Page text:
• Two-membered-ring (TMR) is a surface defect with high abundance

Bunker et al, Surf. Sci. 222, 95 (1989); Bunker et al, Surf. Sci. 210, 406 (1989).


Water destroys TMR, heating above

500 oC restores the TMR, surface


Walsh et al, JCP 113,9191 (2000) cluster model

S. Iarori et al, JPC B105, 8007 (2001) -cristobalite model

results fracture point snapshot
Results: Fracture Point Snapshot

Comparison between amorphous systems

Bulk Fracture

Wire Fracture

the problem related to ligo coating thermal noise
The Problem related to LIGO: Coating Thermal Noise

Relaxations of glasses affect:

Neutron and light scattering Sound wave attenuation Dielectric loss

A direct relation between a microscopic quantity V and a macro-scopic measurement ” is (Wiedersich et al. PRL (2000) 2718

: light scattering scattering susceptility,

V: barrier, Q-1: internal friction

g(V): barrier distribution, : relaxation time

Thermal noise relates to Q via Young’s modules, Poisson ratio,… G. Harry et al. Class Quantum. Grav. 19 (2002) 897-927 Recent reference: G.Harry talk in LIGO/Virgo Thermal Noise Workshop October 2006

quantum calculations of silica

12 meV



25 eV


Quantum calculations of silica

M.R. Vukcevich, J. Non-Crystl. Solids

Vol. 11 (1972) pg.26-63

C.M. Bartenev, et al. Inorganic Materials

Vol.32, No.6 (1996) pg.671-682

barrier distribution from classical md
Barrier distribution from classical MD

Blue: Bulk

Red: Surface


~319 kBT

Wiedersich et al.

84, 2718, PRL (2000)

calculated q 1 vs frequence
Calculated Q-1 vs. frequence

Solid: 300 K

Dashed: 32x300 K

Blue: Bulk

Red: Surface


Bad compared to experiments!



Relaxation during barrier calculation

Locating all possible low barriers

Improving potential energy function

Improving statistics

Also: Investigate hydroxylated surfaces

ta 2 o 5 structure
Ta2O5: Structure

Makovec et al.

plan quantum calculations of ta 2 o 5 tio 2
PLAN: quantum calculations of Ta2O5 + TiO2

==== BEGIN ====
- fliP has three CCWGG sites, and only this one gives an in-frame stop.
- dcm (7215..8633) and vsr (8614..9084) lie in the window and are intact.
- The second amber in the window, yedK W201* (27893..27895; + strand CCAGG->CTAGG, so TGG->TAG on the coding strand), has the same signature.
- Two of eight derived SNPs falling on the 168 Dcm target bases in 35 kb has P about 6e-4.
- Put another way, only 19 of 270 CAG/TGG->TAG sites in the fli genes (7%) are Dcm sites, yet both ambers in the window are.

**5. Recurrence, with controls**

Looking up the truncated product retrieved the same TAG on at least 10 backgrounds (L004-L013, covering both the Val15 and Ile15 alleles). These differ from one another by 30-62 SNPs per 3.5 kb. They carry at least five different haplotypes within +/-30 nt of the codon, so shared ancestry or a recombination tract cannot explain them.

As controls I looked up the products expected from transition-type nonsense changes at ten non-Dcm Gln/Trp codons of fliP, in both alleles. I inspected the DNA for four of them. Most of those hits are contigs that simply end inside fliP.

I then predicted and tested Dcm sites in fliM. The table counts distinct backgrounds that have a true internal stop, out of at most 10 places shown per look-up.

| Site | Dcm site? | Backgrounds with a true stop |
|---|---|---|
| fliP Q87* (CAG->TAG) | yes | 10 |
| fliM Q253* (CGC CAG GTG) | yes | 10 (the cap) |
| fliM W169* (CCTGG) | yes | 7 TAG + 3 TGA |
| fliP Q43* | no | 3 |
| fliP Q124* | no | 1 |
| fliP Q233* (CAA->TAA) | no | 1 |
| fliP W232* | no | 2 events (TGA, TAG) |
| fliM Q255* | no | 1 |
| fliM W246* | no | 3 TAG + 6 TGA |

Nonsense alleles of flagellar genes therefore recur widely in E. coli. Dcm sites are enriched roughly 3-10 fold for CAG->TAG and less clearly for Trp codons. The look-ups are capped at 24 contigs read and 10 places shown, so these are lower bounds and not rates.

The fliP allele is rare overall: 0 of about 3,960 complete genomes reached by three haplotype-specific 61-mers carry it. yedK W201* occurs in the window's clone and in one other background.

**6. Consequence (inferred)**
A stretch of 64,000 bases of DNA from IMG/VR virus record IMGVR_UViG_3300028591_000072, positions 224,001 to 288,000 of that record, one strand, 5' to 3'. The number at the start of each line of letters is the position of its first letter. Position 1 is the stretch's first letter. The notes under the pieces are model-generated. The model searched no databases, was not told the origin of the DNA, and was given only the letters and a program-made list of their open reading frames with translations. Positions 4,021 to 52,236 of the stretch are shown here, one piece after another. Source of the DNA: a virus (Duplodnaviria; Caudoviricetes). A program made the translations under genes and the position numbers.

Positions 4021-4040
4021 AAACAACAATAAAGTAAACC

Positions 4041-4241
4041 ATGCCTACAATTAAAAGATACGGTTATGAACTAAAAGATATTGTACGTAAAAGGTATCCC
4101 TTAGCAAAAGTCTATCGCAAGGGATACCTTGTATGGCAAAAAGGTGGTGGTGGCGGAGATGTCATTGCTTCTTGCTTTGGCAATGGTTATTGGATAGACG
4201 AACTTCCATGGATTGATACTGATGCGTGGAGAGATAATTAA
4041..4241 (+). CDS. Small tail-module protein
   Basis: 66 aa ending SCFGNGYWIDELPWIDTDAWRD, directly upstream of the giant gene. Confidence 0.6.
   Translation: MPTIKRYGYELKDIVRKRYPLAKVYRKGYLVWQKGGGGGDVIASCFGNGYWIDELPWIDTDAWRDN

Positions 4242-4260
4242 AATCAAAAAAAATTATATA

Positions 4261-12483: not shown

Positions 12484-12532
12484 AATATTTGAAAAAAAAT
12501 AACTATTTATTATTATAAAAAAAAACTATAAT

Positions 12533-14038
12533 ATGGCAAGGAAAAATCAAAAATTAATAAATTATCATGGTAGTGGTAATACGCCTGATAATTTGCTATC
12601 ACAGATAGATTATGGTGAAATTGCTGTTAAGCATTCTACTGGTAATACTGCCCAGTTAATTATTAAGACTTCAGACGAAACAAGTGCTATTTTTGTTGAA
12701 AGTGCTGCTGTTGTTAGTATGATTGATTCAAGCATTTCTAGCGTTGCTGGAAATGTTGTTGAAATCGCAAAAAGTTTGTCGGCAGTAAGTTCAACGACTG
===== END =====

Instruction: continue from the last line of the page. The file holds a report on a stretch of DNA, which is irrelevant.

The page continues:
Optimized Ta2O5 high-temperature crystal structure (via DFT). High-T structure is closer to amorphous structure, a better model than the low-T one.

Structure and mechanical properties of pure and doped Ta2O5

Effect of local chemistry on Young’s moduli, Poisson ratio

G. Harry et al.

simulation milestones
Simulation Milestones
  • Examine properties of silica using the current model and compare with existing experimental measurement on SiO2 bulk and surface, extend our investigation to silicates. (Advance LIGO)
  • Investigate the effects of coating and dopant materials used in the LIGO experiment, and understand the change of physical properties. (Ta2O5, TiO2, HfO2,Nb2O5,..titania, zirconia lutetium doping…) (Advance LIGO)
  • In collaboration with experiments, seek for new coating materials that have optimal combinations of low thermal noise and optical absorption, computer-aided material design (beyond Advance LIGO).
Group members

Yao He

Luis Agapito

Lan Li

Chao Cao

Lex Kemper

YunWen Chen

Joey Nicely

Manoj Srivastava

Yuning Wu

Mao-Hua Du

Krishna Muralidhar

Jian-Wei Zhang

Chun Zhang

Lin-Lin Wang

Andrew Kolchin

Ying-Xia Wang

Grace Greenlee, Chris McKenney Sean Lauzat, Meng Wei


ITR faculty team

Rod Bartlett

Hai-Ping Cheng

Jim Dufty

Frank Harris

Sam Trickey

Sidney Yip (MIT)

Pierre Deymier (UA)

Joe Simmons (UA)

Tom Dickinson (WSU)

Ken Jackson (UA)